Grain-Size Dynamics Beneath Mid-Ocean Ridges: Implications for Permeability and Melt Extraction

Tuesday, 16 December 2014
Andrew James Turner, University of Oxford, Oxford, 0X1, United Kingdom, Richard F Katz, University of Oxford, Oxford, United Kingdom and Mark D Behn, Woods Hole Oceanographic Inst, Woods Hole, MA, United States
The permeability structure of the sub-ridge mantle plays an important role in how melt is focused and extracted at mid-ocean ridges. Permeability is controlled by porosity and the grain size of the solid mantle matrix, which is in turn controlled by the deformation conditions. To date, models of grain size evolution and mantle deformation have not been coupled to determine the influence of spatial variations in grain-size on the permeability structure at mid-ocean ridges. Rather, current models typically assume a constant grain size for the whole domain [1]. Here, we use 2-D numerical models to evaluate the influence of grain-size variability on the permeability structure beneath a mid-ocean ridge and use these results to speculate on the consequences for melt focusing and extraction.

We construct a two-dimensional, single phase model for the steady-state grain size beneath a mid-ocean ridge. The model employs a composite rheology of diffusion creep, dislocation creep, dislocation accommodated grain boundary sliding, and a brittle stress limiter. Grain size is calculated using the "wattmeter" model of Austin and Evans [2]. We investigate the sensitivity of the model to global variations in grain growth exponent, potential temperature, spreading-rate, and grain boundary sliding parameters [3,4]. Our model predicts that permeability varies by two orders of magnitude due to the spatial variability of grain size within the expected melt region of a mid-ocean ridge. The predicted permeability structure suggests grain size may promote focusing of melt towards the ridge axis. Furthermore, the calculated grain size structure should focus melt from a greater depth than models that exclude grain-size variability.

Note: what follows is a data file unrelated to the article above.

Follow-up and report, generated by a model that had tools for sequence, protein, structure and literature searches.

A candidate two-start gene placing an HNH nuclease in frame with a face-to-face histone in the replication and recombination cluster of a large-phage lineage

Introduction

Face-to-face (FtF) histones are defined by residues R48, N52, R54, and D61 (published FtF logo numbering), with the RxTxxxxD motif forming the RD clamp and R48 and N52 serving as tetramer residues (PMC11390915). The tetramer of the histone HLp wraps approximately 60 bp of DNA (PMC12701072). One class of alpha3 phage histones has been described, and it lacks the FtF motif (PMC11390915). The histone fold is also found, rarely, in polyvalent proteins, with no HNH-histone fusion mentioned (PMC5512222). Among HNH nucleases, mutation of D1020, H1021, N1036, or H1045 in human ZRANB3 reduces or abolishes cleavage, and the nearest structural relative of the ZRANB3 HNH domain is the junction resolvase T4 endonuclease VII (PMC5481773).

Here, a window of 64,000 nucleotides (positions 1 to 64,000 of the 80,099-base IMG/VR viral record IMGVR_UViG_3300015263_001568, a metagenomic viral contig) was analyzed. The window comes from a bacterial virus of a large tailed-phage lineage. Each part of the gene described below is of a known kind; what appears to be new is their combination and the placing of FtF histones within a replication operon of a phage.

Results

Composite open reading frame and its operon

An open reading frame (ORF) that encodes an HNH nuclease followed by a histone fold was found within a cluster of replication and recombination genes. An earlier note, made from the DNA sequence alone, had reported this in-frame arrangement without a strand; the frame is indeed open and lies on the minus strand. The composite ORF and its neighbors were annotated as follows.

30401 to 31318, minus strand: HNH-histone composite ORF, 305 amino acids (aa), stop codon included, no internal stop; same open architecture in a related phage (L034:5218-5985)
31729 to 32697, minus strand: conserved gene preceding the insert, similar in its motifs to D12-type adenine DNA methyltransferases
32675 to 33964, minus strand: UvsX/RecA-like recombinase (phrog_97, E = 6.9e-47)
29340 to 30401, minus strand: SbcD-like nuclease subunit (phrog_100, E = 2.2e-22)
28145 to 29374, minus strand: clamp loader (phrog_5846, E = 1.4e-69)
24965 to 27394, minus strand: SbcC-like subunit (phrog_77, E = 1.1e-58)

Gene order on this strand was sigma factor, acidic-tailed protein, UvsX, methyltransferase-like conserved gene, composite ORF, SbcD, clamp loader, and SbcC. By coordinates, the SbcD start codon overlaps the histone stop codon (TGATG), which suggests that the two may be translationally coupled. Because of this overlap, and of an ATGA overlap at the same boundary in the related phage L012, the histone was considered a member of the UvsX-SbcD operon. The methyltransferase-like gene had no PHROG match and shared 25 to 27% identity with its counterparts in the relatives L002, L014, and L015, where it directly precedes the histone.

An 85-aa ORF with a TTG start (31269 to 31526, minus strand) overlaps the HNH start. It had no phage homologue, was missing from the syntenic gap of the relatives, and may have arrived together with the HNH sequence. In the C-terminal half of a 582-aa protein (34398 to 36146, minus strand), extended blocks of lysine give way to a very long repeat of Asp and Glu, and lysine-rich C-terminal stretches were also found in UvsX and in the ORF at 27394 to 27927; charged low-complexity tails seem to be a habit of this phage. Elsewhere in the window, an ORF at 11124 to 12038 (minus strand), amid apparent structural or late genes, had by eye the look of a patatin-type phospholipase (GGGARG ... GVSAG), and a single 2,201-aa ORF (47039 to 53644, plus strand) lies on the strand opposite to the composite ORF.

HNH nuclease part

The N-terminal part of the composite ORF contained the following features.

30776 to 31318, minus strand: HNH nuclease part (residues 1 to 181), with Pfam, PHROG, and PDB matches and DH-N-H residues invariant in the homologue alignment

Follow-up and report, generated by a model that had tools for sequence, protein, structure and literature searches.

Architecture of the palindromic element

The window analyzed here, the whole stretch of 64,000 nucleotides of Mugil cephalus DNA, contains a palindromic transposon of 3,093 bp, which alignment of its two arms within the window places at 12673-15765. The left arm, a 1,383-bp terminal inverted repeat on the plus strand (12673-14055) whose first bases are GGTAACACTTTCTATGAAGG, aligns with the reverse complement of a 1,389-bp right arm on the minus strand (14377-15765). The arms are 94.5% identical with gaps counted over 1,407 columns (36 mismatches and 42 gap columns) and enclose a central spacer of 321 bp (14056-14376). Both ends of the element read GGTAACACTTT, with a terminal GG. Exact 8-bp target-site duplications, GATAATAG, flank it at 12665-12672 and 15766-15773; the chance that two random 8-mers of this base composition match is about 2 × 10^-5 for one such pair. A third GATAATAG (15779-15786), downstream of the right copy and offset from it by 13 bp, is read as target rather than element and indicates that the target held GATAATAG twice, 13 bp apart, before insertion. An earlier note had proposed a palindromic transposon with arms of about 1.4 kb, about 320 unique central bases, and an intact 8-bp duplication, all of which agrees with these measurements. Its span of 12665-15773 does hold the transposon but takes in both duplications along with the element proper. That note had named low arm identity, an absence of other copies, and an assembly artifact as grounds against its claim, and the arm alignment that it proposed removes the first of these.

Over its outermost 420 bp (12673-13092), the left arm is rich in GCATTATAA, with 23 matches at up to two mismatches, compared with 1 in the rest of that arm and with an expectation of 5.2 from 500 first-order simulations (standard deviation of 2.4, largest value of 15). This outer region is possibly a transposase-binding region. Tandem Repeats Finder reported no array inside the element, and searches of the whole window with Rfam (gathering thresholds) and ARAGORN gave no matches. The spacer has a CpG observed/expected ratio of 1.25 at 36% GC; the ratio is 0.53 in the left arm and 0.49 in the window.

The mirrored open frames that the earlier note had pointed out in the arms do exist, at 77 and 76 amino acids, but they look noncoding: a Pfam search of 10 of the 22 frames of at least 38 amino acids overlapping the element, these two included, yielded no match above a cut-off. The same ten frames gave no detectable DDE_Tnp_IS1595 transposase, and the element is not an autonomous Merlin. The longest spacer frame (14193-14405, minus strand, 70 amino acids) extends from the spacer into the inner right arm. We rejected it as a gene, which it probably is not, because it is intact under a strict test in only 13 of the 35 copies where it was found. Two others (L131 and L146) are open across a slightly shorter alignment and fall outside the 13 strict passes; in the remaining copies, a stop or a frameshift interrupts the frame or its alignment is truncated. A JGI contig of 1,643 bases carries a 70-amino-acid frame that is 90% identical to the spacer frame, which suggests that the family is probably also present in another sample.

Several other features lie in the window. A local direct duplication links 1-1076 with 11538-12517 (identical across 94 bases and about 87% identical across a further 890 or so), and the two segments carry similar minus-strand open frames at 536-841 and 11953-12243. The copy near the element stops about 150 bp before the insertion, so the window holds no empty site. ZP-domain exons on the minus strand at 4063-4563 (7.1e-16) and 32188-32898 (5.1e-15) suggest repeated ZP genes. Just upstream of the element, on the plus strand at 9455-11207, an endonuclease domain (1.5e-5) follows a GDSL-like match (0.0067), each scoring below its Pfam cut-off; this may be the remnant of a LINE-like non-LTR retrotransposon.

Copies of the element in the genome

Future work will involve evaluating this hypothesis by implementing grain-size dynamics within a two-phase mid-ocean ridge model. The developments of such a model will be discussed.


[1] R. F. Katz, Journal of Petrology, volume 49, issue 12, page 2099, 2008.

[2] N. J. Austin and B. Evans, Geology, 35:354, 2007.

[3] G. Hirth and D. Kohlstedt, In Inside the Subduction Factory, volume 138 of AGU Geophysical Monograph, 2003.

[4] L. N. Hansen et al., JGR (Solid Earth), 116:B08201, 2011.